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Source: This article was published searchengineland.com By Barry Schwartz - Contributed by Member: Olivia Russell

In addition, Chrome will mark all HTTP websites as not secure.

Google announced it is making changes to how Chrome, their web browser, labels HTTPS and HTTP sites in the future. Starting in September 2018, Google will be removing the “Secure” wording and HTTPS scheme in Chrome version 69. Plus, in July 2018 in Chrome version 68, Chrome will mark all HTTP sites as “not secure”.

Here is how the Chrome treatment for HTTPS pages will change:

Then in October 2018 with Chrome version 70, Google will start showing the red “not secure” warning when users enter data on HTTP pages. Google said “previously, HTTP usage was too high to mark all HTTP pages with a strong red warning.” But the pendulum has swung to HTTPS, and now it feels comfortable going forward with this change.

Here is a GIF of this in action in Chrome 70 for HTTP pages with user input:

Categorized in Search Engine

On Friday, Google security team announced that they finished implementing HSTS support for all the company's products running on the google.com domain.

The move comes after months of testing to make sure the feature covered all the services, including APIs, not just the main Web interfaces.

HSTS stands for HTTP Strict Transport Security and is a Web security protocol supported by all of today's browsers and Web servers.

HSTS protects HTTPS against several SSL attacks

The technology allows webmasters to protect their service and their users against HTTPS downgrades, man-in-the-middle attacks, and cookie hijacking for HTTPS connections.

The protocol prevents users from going back to an HTTP connection when accessing Google over HTTPS, and forcibly redirects them to HTTPS connections when possible.

The technology is widely regarded as the best way to protect HTTPS connections against the most common attacks on SSL but has not been widely adopted.

95% of HTTPS websites still don't use HSTS

A study from Netcraft conducted last March showed that 95% of all servers running HTTPS either fail to set up HSTS or come with configuration errors. As such, Google's team has spent a great amount of time testing.

"Ordinarily, implementing HSTS is a relatively basic process," Google's Jay Brown, Sr. Technical Program Manager, explained on Friday. "However, due to Google's particular complexities, we needed to do some extra prep work that most other domains wouldn't have needed to do. For example, we had to address mixed content, bad HREFs, redirects to HTTP, and other issues like updating legacy services which could cause problems for users as they try to access our core domain."

During HSTS tests, Brown says that the team managed to break Google's famous Santa Tracker last December. The problem was fixed, but this only comes to show the wide spectrum of products the engineers had to ensure were working properly after HSTS deployment.

http://news.softpedia.com/news/google-adds-hsts-support-to-google-com-search-engine-506816.shtml

Categorized in Search Engine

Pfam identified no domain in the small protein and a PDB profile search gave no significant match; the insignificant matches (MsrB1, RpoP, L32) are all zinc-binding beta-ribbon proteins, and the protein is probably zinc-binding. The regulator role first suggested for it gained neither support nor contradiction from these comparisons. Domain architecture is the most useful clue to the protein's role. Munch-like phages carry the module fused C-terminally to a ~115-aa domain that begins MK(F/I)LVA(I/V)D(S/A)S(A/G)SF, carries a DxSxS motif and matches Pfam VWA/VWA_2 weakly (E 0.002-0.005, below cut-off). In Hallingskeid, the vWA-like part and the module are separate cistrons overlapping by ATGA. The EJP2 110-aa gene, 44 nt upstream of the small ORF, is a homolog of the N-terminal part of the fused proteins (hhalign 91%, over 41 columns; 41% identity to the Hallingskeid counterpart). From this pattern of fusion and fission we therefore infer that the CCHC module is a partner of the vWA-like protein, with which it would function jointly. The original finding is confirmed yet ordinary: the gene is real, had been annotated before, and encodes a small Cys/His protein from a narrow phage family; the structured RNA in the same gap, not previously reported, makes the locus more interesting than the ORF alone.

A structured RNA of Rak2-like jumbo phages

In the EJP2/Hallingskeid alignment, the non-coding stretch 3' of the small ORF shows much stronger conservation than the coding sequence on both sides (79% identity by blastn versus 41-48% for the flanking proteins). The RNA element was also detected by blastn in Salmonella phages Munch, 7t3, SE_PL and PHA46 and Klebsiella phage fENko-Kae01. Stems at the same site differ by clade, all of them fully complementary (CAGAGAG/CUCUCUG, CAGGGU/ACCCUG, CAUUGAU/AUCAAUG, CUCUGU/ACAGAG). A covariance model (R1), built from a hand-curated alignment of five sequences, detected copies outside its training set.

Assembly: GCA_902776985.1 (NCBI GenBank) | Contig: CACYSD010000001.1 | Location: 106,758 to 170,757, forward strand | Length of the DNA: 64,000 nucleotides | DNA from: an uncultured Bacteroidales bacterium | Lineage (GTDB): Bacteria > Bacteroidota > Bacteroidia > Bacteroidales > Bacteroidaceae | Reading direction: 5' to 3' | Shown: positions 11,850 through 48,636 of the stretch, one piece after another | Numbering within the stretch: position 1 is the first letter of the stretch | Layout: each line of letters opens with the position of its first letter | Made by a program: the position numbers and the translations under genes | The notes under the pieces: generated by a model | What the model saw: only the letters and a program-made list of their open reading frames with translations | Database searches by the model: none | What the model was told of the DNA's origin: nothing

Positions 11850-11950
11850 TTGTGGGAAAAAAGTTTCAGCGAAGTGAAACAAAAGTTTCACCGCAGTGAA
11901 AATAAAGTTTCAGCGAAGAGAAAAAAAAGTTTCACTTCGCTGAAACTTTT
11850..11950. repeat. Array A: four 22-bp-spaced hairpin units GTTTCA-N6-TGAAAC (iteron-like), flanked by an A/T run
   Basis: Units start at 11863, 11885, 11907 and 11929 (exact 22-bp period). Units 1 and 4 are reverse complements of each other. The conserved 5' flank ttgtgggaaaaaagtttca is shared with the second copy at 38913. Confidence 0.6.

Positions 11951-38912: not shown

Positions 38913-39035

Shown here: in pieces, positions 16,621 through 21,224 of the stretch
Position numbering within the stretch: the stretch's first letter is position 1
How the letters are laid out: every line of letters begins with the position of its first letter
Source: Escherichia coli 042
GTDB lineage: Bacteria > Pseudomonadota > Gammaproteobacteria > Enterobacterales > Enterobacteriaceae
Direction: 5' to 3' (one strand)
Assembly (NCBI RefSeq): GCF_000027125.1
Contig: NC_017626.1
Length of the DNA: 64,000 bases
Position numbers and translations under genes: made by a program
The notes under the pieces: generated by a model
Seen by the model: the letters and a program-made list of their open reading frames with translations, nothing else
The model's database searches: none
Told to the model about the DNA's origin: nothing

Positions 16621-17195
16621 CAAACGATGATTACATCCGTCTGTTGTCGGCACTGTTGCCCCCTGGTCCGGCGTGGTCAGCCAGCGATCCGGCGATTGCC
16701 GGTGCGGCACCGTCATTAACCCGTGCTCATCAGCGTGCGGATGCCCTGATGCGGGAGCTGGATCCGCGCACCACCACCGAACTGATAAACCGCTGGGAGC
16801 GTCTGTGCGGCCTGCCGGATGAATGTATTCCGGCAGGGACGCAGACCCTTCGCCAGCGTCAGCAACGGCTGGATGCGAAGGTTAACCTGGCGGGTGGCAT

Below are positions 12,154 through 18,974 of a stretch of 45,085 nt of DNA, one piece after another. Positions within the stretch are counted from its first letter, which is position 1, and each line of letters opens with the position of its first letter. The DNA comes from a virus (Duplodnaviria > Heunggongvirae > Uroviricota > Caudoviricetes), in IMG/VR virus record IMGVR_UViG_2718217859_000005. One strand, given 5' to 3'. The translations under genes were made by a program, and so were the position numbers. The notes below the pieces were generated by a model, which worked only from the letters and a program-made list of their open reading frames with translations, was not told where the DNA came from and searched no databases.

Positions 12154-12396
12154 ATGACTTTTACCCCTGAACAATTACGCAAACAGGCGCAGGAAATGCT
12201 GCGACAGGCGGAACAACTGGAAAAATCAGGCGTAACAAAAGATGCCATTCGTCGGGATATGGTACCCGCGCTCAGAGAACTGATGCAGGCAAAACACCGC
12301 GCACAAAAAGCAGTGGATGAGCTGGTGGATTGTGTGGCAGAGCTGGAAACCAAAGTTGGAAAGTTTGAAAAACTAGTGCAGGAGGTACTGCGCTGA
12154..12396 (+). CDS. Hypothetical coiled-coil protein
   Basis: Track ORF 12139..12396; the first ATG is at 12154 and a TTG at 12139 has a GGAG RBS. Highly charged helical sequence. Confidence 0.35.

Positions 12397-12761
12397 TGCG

Two years after Google announced HTTPS would become a ranking signal, Dr. Pete Meyers of Moz has put together a study with revealing new findings about the adoption rate of HTTPS since the announcement was made.

When Google made its official announcement regarding HTTPS, some were quick to make the transition, while others believed the effort wasn’t worth the potential reward. Some have avoiding transitioning to HTTPS because they believe there are possible risks associated with doing so.

Dr. Pete Meyers has put together the data which suggests Google is slowing but surely accomplishing its goal of having more HTTPS sites on the web. Here is a summary of his finding.

The Findings

Before Google’s HTTPS algorithm update, Moz’s data showed that only 7% of the pages featured on the first page of Google’s search results were HTTPS. A week later, that number rose to 8%.

Two years later, that number has multiplied to over 30%:

“As of late June, our tracking data shows that 32.5% (almost one-third) of page-1 Google results now use the “https:” protocol.”

The fact that the increase has been a gradual progression leads Dr. Meyers to believe it was not purely the result of algorithm updates alone. Rather, the increase in HTTPS sites on the first page of Google’s search results is an indication that Google’s PR campaign is working.

Dr. Meyers predicts than in a another 1–1.5 years we will 50% of first page search results being comprised of HTTPS sites. When this time comes, Dr. Meyers also predicts that Google will strengthen the ranking signal.

 

The Risks

Google has been downplaying the risks of migrating to HTTPS, Dr. Meyers argues, as there is risk associated with any kind of sitewide change to URLs.

Before migrating to HTTPS, it’s recommended that you weigh the time, money, and possible risk against receiving a minor algorithmic boost. With that being said it’s still difficult to convince website owners that converting to HTTPS is worth it.

Dr. Meyers’ final recommendation is, if you’re still not sold on HTTPS, then at least be aware of how many sites in your industry are making the switch. Stay alert for another HTTPS algorithm update which could be coming within a year’s time.

https://www.searchenginejournal.com/30-search-results-now-https-according-moz-study/167515/

Categorized in Search Engine

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